« PreviousContinue »
. In the next winter's pruning these must be shortened according to their strength; the leading shoot from each branch is usually the strongest: these may be cut back to nine or twelve inches, and the others to six or nine. In the summer, care must be taken to select and train as many of the best-placed young shoots as are wanted to form the figure of the tree, proceeding thus from year to year till it is completely furnished, both in its sides and middle, for there ought not then to be a blank space in any part within its extent.
The commencement of summer pruning of Apricots always takes place in May, as soon as the young shoots are two or three inches long : this is generally termed by gardeners the disbudding season; because the superfluous shoots are at this time removed, leaving those only which are required to elongate the branches, and to furnish fruit for the succeeding season.
The disbudding of the young shoots is by many gardeners performed by pinching them off with the finger and thumb: this may be done tolerably well with care; but I have seen some, who have been gardeners for years, and who have torn them off, lacerating the bark, and leaving holes in the branches whence they were taken; the consequence has been a diseased state of the tree, with gum flowing from almost every limb. A man possessing a reflecting mind must ever be incapable of practising such a barbarous method. Instead, therefore, of disbudding by either of the former methods, I would recommend a small, sharp, thin-bladed knife to be made use of, cutting off the supernumerary shoots, close to the bark of the branch, but not into it, and shortening the smaller ones to half an inch, which will occasion many of them to form natural spurs for blossoms at the base.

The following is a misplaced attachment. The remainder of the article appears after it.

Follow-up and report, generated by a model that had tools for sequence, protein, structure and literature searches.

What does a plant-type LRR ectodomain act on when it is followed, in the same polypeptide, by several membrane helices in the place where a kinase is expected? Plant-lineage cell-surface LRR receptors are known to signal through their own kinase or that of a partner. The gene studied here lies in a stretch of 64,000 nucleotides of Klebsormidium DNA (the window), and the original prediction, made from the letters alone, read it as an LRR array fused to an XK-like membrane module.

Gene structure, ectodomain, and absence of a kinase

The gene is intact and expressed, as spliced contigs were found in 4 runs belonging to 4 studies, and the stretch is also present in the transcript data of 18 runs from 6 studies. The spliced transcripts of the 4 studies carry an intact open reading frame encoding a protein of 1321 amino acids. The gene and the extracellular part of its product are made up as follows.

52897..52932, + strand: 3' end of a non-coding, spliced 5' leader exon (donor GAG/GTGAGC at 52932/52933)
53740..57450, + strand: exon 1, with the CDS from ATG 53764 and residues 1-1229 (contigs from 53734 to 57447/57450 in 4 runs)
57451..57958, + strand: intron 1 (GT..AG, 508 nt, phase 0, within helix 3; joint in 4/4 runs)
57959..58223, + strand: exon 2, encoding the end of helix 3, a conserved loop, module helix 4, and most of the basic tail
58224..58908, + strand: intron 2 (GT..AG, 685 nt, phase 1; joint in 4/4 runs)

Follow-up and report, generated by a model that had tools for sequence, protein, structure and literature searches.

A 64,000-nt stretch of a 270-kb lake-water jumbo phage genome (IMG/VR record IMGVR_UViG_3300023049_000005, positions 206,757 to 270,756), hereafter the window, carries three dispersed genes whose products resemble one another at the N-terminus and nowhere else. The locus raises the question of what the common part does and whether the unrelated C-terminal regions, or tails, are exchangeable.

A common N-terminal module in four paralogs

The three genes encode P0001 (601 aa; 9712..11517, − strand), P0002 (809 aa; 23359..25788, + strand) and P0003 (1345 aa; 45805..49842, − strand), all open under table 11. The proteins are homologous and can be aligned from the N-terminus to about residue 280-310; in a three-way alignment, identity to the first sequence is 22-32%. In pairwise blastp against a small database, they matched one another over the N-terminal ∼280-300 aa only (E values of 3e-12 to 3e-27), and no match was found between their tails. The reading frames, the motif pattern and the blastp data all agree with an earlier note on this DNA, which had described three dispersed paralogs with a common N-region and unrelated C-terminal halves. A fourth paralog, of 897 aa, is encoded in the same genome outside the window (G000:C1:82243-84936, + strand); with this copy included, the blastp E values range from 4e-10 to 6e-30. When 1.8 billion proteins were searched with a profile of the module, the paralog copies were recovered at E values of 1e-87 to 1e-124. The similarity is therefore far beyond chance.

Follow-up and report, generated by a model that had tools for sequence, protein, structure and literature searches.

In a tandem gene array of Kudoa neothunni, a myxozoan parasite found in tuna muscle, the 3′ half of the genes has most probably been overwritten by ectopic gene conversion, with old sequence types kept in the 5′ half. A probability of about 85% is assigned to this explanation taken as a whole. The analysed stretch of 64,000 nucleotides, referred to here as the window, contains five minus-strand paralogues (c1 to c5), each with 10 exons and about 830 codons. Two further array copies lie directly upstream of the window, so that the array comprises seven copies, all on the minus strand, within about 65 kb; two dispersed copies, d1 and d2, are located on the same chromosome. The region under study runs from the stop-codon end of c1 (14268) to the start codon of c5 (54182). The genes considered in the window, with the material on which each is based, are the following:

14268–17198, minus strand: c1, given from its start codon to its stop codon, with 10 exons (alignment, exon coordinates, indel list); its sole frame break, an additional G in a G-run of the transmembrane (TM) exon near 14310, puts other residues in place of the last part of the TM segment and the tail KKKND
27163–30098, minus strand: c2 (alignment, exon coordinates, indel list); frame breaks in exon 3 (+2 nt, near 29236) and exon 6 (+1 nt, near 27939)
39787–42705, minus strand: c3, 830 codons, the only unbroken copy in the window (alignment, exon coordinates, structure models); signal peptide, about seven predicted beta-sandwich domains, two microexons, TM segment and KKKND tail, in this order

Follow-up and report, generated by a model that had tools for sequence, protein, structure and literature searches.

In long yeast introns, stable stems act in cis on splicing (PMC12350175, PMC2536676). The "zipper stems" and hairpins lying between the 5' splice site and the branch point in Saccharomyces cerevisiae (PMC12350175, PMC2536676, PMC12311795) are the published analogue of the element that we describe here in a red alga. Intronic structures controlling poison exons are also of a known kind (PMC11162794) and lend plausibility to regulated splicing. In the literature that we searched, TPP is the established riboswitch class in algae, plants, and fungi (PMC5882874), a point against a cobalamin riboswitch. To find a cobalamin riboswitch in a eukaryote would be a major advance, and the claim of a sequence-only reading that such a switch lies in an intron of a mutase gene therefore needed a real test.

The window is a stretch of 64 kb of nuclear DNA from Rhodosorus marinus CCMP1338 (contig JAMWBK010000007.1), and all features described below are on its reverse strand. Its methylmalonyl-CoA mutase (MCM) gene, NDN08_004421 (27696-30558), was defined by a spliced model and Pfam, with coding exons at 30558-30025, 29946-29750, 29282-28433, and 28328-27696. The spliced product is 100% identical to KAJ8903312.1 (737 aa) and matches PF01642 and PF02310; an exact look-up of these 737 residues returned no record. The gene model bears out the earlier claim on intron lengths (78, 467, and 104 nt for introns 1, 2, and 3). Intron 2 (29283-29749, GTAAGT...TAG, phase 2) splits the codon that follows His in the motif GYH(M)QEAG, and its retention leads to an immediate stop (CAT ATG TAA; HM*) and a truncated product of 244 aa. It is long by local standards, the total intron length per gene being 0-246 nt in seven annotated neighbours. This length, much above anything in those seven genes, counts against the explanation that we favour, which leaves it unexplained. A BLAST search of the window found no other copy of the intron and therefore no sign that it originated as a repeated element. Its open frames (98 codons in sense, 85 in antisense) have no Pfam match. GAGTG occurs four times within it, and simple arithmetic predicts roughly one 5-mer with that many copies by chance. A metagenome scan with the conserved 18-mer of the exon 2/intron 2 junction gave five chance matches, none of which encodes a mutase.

In the winter pruning of Apricots, every shoot should be shortened according to its strength : no one should
ever exceed eighteen inches, and few will ever require to be less than six : in a general way, from ten to fourteen inches, in full-grown trees, appears to be the most proper length to be allowed.
By pruning thus short, and training the branches thin, the trees will be kept in vigour, the fruit will always attain its full size under favourable circumstances, and its quality will be good.
The Moorpark Apricot, in some situations, is apt to be affected by canker in different parts of the tree, thereby occasioning a partial loss of its limbs. When this takes place in old trees, it is too late to apply a remedy; but its occurrence may be prevented by taking up the young tree after it has been trained three or four years, cutting off close those roots which have a perpendicular direction, and spreading out the others horizontally, and re-planting it again ; taking care that the part where it had been budded, be kept six or eight inches above the surface of the ground. If this be carefully performed, without shaking the mould off the roots, the progress of the tree will be but little impeded by the operation. At the end of three years more this should be repeated in the same manner, after which it will rarely happen that any of those local injuries will take place.
1. AMBRÉE. Forsyth Ed. 7. p. 79. Cerise Ambrée. Duhamel, No. 14. t. 11.
Fruit large, round at the head, but flattened next the stalk, which is about two inches long. Skin rather thick, of a fine amber colour, mottled with light red and yellow, and of a bright red where exposed to the sun. Flesh pale yellow, somewhat transparent, with white veins, and slightly tinged with red under the skin next the sun. Juice plentiful, sugary, and when fully ripe very excellent. Stone with a very sharp point.